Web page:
Earlier today I was introduced to the Left 4 Dead 2 Trailer from Valve.

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I’m not sure what to make of this. It’s a wholely separate game to the original L4D which although probably the best in the Zombie-Survivor genre, gets tired quite quickly. Valve did promise free downloadable content patches (DLCs) for L4D which have so far comprised the ‘Survivor’ mode which introduces one mini-map and an extra mini-campaign will be coming in September.

I can’t help thinking the rest of the aforementioned free DLCs have been packaged up and had a price stuck on their head to cash-in on L4D’s original popularity.

The redeeming feature me is frying-pan-armed combat ;)

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Earlier today, I had one of those classic ‘doh!’ moments.

I had a 5.25in DVD/RW drive externally connected to a virus-infected Windows laptop via USB (running ClamAV if you’re interested).

For some unfathomable reason, I moved the drive with my hand while it was spinning, imparting just a little tilt to it. Even as I did so I knew the result which was about to happen. The CD was already tilting off it’s normal axis of rotation with relation to the drive, trying to maintain it’s original orientation in space due to gyroscopic precession. The inevitable grinding noise indicated that the CD had run out of room to maneuver and collided with the optics / drive internals.

The level of vibration which continued until I yanked out the power was rather impressive; I was glad of the aluminium casing containing the fast moving disc and motor.

I managed to pull the CD tray out and took hold of a CD which was now quite hot around the edges and promptly cut myself on the ground-down and sharpened rim. The drive itself, of course, had ceased to function as a drive of any usable sort.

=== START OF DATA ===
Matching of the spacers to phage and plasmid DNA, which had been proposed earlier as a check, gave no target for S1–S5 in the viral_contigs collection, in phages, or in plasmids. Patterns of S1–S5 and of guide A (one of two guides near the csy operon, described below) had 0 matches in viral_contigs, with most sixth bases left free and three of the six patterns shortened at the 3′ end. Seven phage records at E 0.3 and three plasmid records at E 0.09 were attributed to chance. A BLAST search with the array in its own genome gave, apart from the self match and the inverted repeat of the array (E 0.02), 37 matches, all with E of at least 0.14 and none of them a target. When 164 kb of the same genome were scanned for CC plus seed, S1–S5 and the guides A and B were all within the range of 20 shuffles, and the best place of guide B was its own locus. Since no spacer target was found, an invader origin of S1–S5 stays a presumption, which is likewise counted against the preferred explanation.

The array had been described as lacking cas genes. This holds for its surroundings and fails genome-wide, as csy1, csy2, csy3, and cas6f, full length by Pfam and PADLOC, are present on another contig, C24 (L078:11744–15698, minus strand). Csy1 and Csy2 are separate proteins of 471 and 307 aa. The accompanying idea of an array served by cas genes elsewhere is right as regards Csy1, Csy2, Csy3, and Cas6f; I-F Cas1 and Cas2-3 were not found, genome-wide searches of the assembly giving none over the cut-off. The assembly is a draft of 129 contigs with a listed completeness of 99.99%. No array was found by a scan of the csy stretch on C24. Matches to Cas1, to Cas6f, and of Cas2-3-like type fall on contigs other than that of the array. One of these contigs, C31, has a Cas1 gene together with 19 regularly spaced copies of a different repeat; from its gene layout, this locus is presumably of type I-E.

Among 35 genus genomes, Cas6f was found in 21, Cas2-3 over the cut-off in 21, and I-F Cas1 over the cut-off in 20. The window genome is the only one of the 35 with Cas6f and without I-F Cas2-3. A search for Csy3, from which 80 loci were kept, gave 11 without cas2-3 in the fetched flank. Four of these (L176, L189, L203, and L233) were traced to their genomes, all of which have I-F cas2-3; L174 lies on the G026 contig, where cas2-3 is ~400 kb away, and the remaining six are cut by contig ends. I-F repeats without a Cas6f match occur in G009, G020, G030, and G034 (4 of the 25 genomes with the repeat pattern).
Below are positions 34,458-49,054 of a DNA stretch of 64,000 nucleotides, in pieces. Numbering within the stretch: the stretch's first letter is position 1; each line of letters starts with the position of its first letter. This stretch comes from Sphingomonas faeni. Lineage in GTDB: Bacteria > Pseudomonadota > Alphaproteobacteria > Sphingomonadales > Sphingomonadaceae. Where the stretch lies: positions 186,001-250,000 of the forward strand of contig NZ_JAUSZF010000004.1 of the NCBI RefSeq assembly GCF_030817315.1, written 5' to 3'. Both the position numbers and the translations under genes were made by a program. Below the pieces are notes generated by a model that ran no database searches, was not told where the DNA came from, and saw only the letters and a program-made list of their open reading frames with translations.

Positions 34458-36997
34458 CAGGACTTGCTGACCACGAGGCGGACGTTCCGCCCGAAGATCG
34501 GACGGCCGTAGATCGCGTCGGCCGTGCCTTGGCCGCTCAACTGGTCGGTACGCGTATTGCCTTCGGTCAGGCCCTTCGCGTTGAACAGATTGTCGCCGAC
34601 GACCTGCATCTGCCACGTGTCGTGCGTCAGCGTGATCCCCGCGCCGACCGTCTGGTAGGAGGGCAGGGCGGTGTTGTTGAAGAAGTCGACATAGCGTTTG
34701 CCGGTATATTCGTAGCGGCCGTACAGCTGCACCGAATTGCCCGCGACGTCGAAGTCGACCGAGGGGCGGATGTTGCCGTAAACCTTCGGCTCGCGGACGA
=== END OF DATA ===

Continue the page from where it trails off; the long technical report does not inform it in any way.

The moral here is: “Don’t break your own rules”

(Or just don’t be an idiot ;-) )

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I’ve found the Japanese to have a somewhat worrying obsession with robots; everything from the 4-foot tall Asimo types to the 50-foot high flying types.

They also make some rather impressive bipedal robots which can be seen in videos all over the internet accomplishing impressive feats such as running and tackling stairs. They do, however, seem to have a slightly odd gait which looks as if it was borrowed from a ‘dog-walker’ as the feet and knees preceed the robot noticably as it moves. Apart from Hubo, there have been few attempts at turning the ‘robot’ into an ‘android’

Now, researchers at AIST (National Institute of Advanced Industrial Science and Technology) have produced a biped Android (or more correctly a Gynoid) known as HRP-4C.

The robot has the broadly realistic human proportions correspondent to a Japanese woman and also comparable weight. The simulation of human likeness only extends to the face which has some level of animation and the hands which I am yet to see change pose during a demonstration. The rest of the body appears as if in a fitted suit of armour.

Apparently she Linux in the form of an AIST developed platform known as ‘Actual Time Linux’ (ART-Linux2.6).  Although difficult to decipher from the translated text, it appears that much of HRP-4C’s development revolves around and contributes to open projects.

The walking gait is rather more natural in appearance than an Asimo unit but could still do with more damping as there is an obvious jarring in the step. Thus far I have only seen the gynoid perform basic walking and a short bow. On examination of a translation of the japanese information page, it seem that the unit is designed for entertainment or fashion modeling. An odd choice of target market to my mind but the size/weight constraints probably prohibit any industrial uses.